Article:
I was unusual among my classmates in having four living grandparents. In addition,  all four of my grandparents were in America from before World War I. My parents were born and grew up in New York City. My father even had grandparents and great-grandparents of his own living nearby. Since my grandparents never spoke of their murdered parents, siblings, nieces and nephews, I had infinitely less personal exposure to the Holocaust than my schoolmates who sometimes listened to their parents’ midnight screams as nightmares took them back to unbearable days.

Why am I telling you this? Because I want to share an uplifting, optimistic and soul-affecting video with you. Before I do, here is an introduction.

Last week, at the Passover Seder, many Jewish families like ours said the following words in Hebrew, “For in every generation they stand over us to annihilate us and the Holy One Blessed Be He, saves us from their hands.” This is often sung to an upbeat tune, which is rather odd when you think of the first part of the sentence. My friends’ parents also sang this, yet each one mourned way too many loved ones who weren’t saved. Why didn’t they reject this statement as untrue?

The verse refers to the Jewish people as a complete organism. As long as there is one Jew left to sing these words, it is a true testimony. And yes, as a people with a long history, there are many horrific examples of slaughter, yet by God’s grace we are still here.

This post-Passover time of year is associated with Rabbi Akiva, whose famous statement, “What is hateful to you do not do to others,” has become a universal credo. Rabbi Akiva was the premier teacher of his generation at the time of the destruction of the Second Temple. He watched 24,000 of his students die in a plague. What did he do after such a devastating event? He chose five men and began teaching them so that the future would be assured.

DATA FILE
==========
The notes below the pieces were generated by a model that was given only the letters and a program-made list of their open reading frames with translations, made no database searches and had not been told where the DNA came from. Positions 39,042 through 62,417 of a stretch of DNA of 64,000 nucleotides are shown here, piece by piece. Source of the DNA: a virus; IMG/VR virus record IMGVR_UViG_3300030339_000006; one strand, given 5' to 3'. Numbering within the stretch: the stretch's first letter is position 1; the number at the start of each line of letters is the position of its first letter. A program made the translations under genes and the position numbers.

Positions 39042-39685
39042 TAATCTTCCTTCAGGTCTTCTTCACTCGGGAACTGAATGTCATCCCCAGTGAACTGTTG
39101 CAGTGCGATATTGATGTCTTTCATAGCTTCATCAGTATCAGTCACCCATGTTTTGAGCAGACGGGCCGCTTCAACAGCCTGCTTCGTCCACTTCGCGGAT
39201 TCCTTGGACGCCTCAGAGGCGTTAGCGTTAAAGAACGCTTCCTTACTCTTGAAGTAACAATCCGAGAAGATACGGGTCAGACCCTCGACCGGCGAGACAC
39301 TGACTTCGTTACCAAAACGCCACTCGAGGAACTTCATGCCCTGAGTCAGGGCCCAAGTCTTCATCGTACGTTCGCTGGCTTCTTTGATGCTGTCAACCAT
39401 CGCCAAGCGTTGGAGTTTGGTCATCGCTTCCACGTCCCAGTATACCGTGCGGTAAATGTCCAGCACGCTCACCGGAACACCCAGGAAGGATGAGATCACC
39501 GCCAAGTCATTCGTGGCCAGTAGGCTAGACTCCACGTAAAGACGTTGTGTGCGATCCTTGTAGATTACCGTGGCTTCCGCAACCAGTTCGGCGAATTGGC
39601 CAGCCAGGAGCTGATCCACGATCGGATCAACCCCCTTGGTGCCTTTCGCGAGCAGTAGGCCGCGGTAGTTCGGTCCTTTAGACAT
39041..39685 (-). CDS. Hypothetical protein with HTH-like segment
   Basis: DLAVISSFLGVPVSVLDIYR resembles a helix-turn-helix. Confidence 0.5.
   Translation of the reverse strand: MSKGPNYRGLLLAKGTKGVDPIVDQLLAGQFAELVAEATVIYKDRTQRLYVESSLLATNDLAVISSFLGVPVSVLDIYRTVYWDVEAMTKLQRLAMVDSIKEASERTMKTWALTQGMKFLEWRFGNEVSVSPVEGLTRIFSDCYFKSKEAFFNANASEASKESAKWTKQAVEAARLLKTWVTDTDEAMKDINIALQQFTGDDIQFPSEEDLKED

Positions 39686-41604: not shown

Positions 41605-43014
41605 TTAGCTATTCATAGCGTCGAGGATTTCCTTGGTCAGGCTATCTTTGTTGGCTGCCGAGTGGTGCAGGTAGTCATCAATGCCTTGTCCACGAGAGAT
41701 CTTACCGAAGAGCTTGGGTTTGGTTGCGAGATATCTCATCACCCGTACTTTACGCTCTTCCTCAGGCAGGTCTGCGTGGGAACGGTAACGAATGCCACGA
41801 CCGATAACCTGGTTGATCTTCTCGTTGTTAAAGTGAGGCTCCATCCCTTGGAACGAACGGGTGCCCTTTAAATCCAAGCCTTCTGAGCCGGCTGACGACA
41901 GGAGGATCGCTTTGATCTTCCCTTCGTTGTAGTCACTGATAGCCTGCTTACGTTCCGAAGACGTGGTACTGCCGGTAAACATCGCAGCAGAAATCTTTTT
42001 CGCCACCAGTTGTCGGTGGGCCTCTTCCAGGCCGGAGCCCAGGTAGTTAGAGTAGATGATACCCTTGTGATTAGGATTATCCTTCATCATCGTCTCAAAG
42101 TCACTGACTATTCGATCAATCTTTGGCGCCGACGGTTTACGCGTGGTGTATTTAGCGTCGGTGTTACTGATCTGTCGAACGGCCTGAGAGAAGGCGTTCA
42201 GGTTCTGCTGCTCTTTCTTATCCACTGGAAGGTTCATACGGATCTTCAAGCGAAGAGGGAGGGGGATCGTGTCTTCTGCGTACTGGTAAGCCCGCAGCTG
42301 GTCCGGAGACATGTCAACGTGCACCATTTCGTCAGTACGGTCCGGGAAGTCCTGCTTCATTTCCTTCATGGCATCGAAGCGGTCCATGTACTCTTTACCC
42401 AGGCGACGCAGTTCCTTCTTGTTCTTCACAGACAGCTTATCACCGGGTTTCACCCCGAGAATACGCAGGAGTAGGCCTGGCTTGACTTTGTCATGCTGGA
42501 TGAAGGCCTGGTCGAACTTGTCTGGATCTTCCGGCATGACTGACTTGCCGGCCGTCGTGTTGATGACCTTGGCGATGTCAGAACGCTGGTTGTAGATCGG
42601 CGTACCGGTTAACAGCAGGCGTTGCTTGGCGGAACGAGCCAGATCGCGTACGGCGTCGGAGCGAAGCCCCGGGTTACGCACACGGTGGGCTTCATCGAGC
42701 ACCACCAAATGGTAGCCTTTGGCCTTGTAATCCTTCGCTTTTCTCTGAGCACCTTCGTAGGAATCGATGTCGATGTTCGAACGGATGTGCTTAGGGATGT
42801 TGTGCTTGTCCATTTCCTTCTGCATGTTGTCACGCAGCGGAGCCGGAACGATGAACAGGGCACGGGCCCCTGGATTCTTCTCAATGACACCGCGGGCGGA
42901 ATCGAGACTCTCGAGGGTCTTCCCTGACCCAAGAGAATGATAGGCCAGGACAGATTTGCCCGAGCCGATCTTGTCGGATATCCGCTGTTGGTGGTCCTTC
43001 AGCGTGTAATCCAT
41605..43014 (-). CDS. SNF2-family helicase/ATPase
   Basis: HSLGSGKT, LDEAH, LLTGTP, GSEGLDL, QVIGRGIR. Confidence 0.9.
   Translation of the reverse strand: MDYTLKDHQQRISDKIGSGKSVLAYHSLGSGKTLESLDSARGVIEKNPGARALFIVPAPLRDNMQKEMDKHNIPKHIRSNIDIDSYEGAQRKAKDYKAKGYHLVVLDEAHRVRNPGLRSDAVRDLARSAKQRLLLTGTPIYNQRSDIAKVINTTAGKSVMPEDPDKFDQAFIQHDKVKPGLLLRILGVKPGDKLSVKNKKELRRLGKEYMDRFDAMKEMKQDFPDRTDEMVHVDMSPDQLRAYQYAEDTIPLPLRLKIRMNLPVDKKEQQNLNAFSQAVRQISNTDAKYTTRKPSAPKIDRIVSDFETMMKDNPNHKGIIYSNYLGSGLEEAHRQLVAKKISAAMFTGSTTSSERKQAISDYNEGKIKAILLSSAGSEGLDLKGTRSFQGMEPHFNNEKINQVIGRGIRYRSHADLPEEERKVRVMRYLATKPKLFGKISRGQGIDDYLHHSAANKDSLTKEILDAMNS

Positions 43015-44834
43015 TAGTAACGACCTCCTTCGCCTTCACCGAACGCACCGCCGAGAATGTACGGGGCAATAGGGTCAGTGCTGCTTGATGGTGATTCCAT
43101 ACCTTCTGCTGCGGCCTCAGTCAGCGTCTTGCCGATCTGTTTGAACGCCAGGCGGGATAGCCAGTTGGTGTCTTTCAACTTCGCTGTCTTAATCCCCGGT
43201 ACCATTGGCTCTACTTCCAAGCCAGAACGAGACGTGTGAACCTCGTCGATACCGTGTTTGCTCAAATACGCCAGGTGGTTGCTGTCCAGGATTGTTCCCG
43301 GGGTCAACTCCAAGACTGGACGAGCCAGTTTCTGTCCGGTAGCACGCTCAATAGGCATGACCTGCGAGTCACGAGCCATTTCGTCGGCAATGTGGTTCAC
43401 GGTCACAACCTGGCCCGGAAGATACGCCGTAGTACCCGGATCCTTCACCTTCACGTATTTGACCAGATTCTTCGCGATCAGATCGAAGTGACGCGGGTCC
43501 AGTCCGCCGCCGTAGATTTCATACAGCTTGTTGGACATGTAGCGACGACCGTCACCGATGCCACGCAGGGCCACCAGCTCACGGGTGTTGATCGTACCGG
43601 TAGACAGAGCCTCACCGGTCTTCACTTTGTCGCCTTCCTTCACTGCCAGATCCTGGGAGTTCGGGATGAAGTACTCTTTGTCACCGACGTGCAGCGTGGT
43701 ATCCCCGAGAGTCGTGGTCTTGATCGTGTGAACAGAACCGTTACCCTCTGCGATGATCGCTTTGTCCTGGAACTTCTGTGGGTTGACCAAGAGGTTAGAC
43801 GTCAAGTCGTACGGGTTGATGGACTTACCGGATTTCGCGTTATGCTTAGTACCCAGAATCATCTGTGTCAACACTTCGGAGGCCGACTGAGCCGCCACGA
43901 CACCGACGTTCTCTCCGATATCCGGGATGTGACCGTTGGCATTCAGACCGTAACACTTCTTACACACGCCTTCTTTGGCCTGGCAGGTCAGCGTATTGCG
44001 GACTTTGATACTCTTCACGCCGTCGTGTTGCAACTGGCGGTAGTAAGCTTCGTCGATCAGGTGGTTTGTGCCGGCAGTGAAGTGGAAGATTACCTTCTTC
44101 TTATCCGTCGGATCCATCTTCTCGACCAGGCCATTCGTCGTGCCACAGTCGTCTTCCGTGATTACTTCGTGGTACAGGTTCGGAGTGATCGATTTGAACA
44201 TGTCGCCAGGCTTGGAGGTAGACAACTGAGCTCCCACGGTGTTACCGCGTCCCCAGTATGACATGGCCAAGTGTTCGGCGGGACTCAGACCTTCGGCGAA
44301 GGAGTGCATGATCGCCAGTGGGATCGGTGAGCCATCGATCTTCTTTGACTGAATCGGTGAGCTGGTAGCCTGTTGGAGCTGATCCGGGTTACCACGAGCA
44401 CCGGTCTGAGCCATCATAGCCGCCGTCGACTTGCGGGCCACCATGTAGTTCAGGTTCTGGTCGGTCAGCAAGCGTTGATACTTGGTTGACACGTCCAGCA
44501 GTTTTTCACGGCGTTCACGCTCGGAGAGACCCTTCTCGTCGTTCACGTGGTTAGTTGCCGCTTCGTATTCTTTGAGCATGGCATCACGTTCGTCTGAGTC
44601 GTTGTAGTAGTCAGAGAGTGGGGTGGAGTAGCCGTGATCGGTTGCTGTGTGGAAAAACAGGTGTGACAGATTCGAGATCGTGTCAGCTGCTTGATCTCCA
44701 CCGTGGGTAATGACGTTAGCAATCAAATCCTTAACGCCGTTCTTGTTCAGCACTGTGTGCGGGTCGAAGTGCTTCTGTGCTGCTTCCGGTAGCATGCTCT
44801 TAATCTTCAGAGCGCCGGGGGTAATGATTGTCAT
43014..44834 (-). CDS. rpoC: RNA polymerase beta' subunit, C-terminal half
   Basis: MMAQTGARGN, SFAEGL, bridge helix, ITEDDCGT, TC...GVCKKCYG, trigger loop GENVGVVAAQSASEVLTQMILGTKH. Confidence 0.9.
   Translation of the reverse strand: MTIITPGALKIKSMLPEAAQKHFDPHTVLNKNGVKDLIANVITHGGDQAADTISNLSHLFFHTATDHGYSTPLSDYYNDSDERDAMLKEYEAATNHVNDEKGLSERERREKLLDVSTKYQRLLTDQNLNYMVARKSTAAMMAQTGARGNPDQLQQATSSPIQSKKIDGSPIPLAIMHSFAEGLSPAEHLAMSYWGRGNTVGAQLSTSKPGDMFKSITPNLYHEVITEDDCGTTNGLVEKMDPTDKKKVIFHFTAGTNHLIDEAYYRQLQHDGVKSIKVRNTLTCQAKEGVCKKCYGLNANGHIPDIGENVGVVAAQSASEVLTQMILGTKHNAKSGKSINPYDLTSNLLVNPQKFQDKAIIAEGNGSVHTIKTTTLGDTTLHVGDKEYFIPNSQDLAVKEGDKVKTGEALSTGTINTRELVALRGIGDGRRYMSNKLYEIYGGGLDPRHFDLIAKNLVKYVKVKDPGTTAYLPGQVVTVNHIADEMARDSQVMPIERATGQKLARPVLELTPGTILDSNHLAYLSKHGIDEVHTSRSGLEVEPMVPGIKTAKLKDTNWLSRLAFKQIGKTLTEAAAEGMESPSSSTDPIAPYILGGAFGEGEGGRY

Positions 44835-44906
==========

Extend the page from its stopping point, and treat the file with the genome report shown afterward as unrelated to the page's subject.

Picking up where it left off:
As a child, I didn’t understand the greatness of those who suffered and saw their lives trampled and yet who picked themselves up and chose to have new children and new lives. Only a few survive today from that generation. Yet as this video (with English translation) shows, religious or not, learned or not, the overwhelming majority of the survivors followed in Rabbi Akiba’s footsteps. What an inspiring lesson this is for us.

*Naomi is not her real name. She is a composite of a number of my friends.

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Finding The Off Switch: Four Reasons I Observe Shabbat

April 10th, 2018 Posted by On Our Mind 1 comment

This terrific piece by Peter Himmelman appeared in Forbes. Peter is a musician and businessman and also the son-in-law of Bob Dylan the musical icon of the 60s:

“With the pace of technology and its demand for our attention increasing month-to-month, comes the challenge of occasionally leaving it behind. I’ve found some answers in my over thirty-year observance of Shabbat, (the Jewish Sabbath), a time when the use of technology is prohibited. While I don’t believe that the strict tenets of this observance are appropriate for all people, I am strongly convinced that many of its ideas would be helpful if they were incorporated on some level.